BBC Sport's Andy Nicolson

1410: Apparently I may have oversold the freebies (see 1330). A BBC colleague in the thick of it has just described the offerings as "general tat". He has plundered nothing at all from the "caravane". Do let us know if you do any better. Personally, I'm surprised. I recall doing quite well when the Tour last came to England in 1994. But then again, I was a poor student in need of pens, pencils and car stickers.

1400: From two wheels to four. Lewis Hamilton bags pole position for the British Grand Prix at Silverstone. Does this auger well for a British triumph in the cycling prologue as well? Probably not, but it's worth a try. Here's hoping...

1350: The early 606 money appears to be on time trial world champion Fabian Cancellara winning this prologue stage. I'm still hoping for a wonder ride from Wiggins or Millar. Feel free to chip in with your thoughts via 606 or text (see above).

"I've been here outside Buckingham Palace since 2100 last night. Hopefully today we'll see Bradley Wiggins win by a significant margin."
Chris Evans from Crewe

"I was cycling round the course a couple of hours ago and I heard this whirring sound behind me when I was on Carriage Drive. When I looked round it was the Quick Step team - I saw Tom Boonen in his rainbow stripes as he went past. They weren't going too fast so I tucked in behind the team car for a couple of miles - quite an experience."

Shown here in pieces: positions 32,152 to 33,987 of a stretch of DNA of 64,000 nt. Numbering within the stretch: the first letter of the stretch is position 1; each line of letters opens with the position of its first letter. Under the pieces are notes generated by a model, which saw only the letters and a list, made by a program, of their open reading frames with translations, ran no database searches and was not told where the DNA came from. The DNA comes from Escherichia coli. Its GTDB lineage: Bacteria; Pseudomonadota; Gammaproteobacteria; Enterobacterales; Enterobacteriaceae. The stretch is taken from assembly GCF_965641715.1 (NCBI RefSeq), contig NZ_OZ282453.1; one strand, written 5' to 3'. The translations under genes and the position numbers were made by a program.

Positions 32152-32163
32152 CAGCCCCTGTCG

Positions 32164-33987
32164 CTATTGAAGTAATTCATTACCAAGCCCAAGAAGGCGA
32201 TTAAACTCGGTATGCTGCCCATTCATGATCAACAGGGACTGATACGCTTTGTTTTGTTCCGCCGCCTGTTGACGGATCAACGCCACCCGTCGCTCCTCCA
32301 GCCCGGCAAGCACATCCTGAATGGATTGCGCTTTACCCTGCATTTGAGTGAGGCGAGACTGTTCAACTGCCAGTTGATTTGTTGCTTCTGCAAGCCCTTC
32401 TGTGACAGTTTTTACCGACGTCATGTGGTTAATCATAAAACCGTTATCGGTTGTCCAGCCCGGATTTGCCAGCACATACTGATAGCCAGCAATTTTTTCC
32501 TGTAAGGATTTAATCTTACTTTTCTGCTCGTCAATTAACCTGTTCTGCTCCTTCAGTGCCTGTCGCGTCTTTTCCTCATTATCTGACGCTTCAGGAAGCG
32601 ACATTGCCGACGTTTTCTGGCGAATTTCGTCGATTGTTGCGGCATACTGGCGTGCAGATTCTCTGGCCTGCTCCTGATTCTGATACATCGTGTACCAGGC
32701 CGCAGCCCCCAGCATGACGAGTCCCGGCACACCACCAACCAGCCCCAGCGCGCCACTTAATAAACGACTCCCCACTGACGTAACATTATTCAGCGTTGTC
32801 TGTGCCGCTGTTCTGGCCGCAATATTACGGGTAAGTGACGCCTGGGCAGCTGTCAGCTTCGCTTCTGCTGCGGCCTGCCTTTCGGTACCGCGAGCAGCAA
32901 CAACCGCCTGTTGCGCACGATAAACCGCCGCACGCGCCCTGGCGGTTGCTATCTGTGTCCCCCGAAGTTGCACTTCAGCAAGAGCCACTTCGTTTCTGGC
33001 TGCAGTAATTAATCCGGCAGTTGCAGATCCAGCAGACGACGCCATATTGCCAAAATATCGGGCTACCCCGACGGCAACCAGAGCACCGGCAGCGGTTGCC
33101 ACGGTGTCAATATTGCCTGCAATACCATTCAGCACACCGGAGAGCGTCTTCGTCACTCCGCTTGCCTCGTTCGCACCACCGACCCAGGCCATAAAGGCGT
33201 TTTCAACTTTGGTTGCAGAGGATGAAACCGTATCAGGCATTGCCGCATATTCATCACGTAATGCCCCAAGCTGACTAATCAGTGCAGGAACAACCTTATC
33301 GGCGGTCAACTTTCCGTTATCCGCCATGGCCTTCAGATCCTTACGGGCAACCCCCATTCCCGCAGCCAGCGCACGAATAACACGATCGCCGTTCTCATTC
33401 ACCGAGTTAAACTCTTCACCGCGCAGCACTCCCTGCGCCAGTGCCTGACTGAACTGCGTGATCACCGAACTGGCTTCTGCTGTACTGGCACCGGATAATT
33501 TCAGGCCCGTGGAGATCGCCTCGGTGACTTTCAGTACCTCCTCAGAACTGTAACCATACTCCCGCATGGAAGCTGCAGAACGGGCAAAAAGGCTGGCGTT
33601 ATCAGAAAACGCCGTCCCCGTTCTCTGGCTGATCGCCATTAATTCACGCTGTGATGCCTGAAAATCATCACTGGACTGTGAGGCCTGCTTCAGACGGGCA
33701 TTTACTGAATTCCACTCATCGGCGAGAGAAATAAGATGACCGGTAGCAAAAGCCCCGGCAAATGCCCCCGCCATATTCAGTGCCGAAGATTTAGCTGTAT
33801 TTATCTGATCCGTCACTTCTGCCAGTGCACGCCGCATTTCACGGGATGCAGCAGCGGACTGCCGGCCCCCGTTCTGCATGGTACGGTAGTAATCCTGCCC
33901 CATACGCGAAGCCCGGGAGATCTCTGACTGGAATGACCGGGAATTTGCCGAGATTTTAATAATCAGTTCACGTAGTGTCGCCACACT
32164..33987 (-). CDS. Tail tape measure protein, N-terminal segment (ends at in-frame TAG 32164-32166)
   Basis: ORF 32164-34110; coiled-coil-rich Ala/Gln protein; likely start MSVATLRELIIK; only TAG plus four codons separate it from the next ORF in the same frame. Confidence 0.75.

Ian Hall via text

"The caravane is coming through with its surreal blend of London buses and ten-foot high soft toys."
BBC Radio Five Live's Alex Murray outside Canada Gate

1330: Good afternoon bike fans. The big day is finally upon us as the Tour de France visits London for the first time. Thousands are already lining the prologue route, which sweeps from Whitehall past Downing Street, Parliament Square and Buckingham Palace before finishing on The Mall. The action doesn't start until 1500, when each of the 189 riders will tackle the short 7.9km route on his own and against the clock.

But before that, it's freebies time. The word from Wimbledon is that handouts at SW19 have been very poor this year. Expect better from the fabled Tour "caravane". It traditionally comprises dozens of sponsor trucks, parading pretty promotion girls handing out goodies and can stretch for miles. Bring your sacks along Londoners. At the very worst, there should be some stocking fillers for Christmas in it for you.